TCU Daily Skiff Tuesday, February 03, 2004
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Internet serves as lauching pad for many organizations

The Internet is a great place for contagion of all sorts. Viruses, ridiculous quizzes, inspirational chain e-mails and urban myths have always spread on the Internet at an alarming pace. Recently, however, the Internet has come into the public eye as a breeding ground for a certain contagious form of political activism.

In the past few months, Salam Pax, the famous Iraqi blogger, published his own book. Howard Dean achieved temporary “front-runner” status in the Democratic primaries through a successful Internet grassroots campaign, and Amazon.com even set up a special page through which shoppers can make presidential campaign donations online to anyone who signed up to be on that page, including Lyndon LaRouche and various “independent” candidates.

When the conservative American Family Association put a gay marriage poll on its Web site, people on the Internet who were in favor of gay marriage circulated messages via mass e-mails, message boards and Weblogs, exhorting like-minded readers to vote on the AFA’s poll. In only days, such Internet activists managed to flood the poll, which soon had registered twice as many respondents in favor of gay marriage than against it. The AFA, unsurprisingly, canceled the poll’s results within a couple of weeks.

This is the power of the Internet: People with similar opinions are able to communicate instantaneously with each other, thus spreading ideas and calls to action at an impressive rate. Through reading the “blogs” of people who have similar viewpoints to their own, Internet denizens can find news articles that are relevant to their pet issues without having to dig through the back pages of more mainstream, corporate news sources. Advertisements that were deemed “too controversial” to air on broadcast television can still reach a large audience on the Internet, and pundits who haven’t broken into the mainstream media may still find a substantial Internet readership.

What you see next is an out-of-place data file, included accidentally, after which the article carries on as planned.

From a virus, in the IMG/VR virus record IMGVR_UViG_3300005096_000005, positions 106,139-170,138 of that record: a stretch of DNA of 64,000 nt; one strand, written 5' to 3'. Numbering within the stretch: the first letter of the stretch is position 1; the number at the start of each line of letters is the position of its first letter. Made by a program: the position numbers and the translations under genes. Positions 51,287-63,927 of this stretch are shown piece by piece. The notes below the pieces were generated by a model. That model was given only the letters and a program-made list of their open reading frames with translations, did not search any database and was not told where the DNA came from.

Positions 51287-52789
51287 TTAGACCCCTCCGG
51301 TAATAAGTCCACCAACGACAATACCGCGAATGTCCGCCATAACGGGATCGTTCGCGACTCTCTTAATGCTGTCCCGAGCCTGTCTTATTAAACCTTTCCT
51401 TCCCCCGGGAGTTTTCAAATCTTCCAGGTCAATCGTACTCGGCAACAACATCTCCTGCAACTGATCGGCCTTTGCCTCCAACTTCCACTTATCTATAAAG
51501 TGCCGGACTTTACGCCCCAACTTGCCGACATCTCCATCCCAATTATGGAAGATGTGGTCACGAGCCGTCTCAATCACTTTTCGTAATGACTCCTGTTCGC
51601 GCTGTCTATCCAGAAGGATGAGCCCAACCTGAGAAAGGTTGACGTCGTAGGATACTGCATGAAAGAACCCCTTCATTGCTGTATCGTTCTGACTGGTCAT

However, when people are able to settle into niches, they develop increasingly different subcultures. Although The Washington Times and The New York Times will give a reader very different takes on current events, such gaps pale when compared to the differences in leanings among independent Internet news sources, which are better equipped to cater to niche demographics. Viewpoints among Americans are increasingly polarized, and tensions among different demographics have become more pronounced, causing people with a variety of political viewpoints to declare that a “culture war” in America is either ongoing or imminent.

The Internet has clearly played a large part in setting the stage for such a culture war and in providing a kind of virtual battleground. Even better, while one has to pay for a subscription to those obsolete, bulky “newspapers” and must watch television at specific times of the day in order to catch broadcast news shows, the Internet is free for us college students, and most Web sites are available 24-7. So, while the rest of the campus watches primaries coverage on the dorm televisions, I’m staying glued to the computer (at least until November), reading my blogs, forwarding mass e-mails and nervously looking at online real estate in Canada.

Samantha Crane is a columnist for the Swarthmore Phoenix at Swarthmore College.
This column was distributed by U-Wire.

 
 
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